Night City is a post-historical dreamscape. History ended in 1988, when Mike Pondsmith made the titular TTRPG in our world and, apparently, socioeconomics stagnated+. That’s why the world of 2077 appears like ours, only worse. It’s not just that late capitalism, with its gig work and monopolies and ever more annoying ads, continued to play out from 2020, it’s that this fiction hasn’t even considered the past three decades of scholars, activists, and organizers imaginingcreating—radical alternatives to living in this world++. While even Fukuyama himself admits that history can start up again, 2077 envisions a world that can’t itself die.

So maybe 2077 is a capitalism simulator, but I have to wonder how useful this is. What does a nihilistic hypothetical do for us? Is the world around us not bad enough? How do you plan for the death of a safety net? When did even escapism come to be subsumed by the logics of capital?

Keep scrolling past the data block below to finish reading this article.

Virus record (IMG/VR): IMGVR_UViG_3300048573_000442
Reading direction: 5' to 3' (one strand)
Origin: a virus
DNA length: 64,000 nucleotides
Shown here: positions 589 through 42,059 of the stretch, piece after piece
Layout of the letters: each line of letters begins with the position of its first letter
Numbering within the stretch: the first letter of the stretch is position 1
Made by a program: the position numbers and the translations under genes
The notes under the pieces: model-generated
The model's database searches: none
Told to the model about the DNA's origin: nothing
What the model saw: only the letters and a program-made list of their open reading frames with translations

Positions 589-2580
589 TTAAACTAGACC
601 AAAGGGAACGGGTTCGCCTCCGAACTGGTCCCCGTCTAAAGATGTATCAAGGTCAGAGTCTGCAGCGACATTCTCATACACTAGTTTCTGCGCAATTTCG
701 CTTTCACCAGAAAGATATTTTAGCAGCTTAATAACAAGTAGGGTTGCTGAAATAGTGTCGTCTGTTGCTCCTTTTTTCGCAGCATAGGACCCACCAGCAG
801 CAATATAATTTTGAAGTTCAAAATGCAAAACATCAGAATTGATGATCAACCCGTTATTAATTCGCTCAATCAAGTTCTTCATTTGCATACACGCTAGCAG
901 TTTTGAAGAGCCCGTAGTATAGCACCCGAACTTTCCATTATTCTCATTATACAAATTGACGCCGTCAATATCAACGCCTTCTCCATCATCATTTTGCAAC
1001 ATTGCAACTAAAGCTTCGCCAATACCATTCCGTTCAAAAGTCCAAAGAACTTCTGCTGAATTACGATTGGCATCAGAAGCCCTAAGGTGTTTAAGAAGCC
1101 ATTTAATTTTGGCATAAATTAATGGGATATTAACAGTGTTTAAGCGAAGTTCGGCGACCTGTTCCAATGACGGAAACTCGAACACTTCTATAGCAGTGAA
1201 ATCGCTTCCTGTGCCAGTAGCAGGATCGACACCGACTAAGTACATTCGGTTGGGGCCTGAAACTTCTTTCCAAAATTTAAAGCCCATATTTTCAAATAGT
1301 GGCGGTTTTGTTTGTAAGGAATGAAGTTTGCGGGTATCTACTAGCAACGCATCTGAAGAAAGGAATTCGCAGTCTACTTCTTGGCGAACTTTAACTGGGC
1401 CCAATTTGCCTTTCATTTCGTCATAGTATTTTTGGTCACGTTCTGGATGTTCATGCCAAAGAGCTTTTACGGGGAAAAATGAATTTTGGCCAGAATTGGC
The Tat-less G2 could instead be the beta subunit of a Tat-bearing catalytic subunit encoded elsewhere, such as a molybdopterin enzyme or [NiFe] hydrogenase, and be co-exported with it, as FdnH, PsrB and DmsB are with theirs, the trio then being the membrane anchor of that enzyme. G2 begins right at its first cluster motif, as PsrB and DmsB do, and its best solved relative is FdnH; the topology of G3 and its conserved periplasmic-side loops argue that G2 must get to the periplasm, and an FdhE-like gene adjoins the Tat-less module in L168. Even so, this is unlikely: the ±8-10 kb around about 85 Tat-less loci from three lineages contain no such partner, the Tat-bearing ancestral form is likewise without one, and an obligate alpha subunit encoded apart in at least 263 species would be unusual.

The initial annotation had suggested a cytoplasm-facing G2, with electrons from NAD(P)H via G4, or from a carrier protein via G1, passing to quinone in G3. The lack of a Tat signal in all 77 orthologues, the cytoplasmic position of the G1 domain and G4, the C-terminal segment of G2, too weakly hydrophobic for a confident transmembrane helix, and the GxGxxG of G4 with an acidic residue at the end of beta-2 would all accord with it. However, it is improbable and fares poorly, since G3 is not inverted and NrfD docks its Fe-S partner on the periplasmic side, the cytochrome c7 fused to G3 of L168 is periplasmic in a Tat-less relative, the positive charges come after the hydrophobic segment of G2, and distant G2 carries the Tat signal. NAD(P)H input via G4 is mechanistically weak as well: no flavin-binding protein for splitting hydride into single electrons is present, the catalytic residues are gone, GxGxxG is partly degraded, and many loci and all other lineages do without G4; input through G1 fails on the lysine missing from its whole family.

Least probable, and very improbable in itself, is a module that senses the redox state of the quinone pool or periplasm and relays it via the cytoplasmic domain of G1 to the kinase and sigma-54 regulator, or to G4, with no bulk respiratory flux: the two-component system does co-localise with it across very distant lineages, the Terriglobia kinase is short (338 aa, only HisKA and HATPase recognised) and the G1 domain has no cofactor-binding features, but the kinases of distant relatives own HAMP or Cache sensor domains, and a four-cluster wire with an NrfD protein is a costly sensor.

Maybe this would be interesting, maybe I would be moved to unpack the functioning dreamwork of Night City’s capitalist reality if similar Marxist readings could not be found in so many other games already+++. What I come to find interesting in 2077 is not anything the text puts forward, not anything we could contort to say it accomplishes, but its paratextual failure. 2077 is emblematic of the industry that created it: the crunch, the expense, the racism, the transphobia, the ableism, the excessive addition of RPG systems, the engines teetering on the edge of collapse for want of more, more. But 2077 doesn’t epitomize a AAA game, it betrays them. The difference between true success and failure in the AAA realm comes to be understood as the smooth maintenance of the spectacle.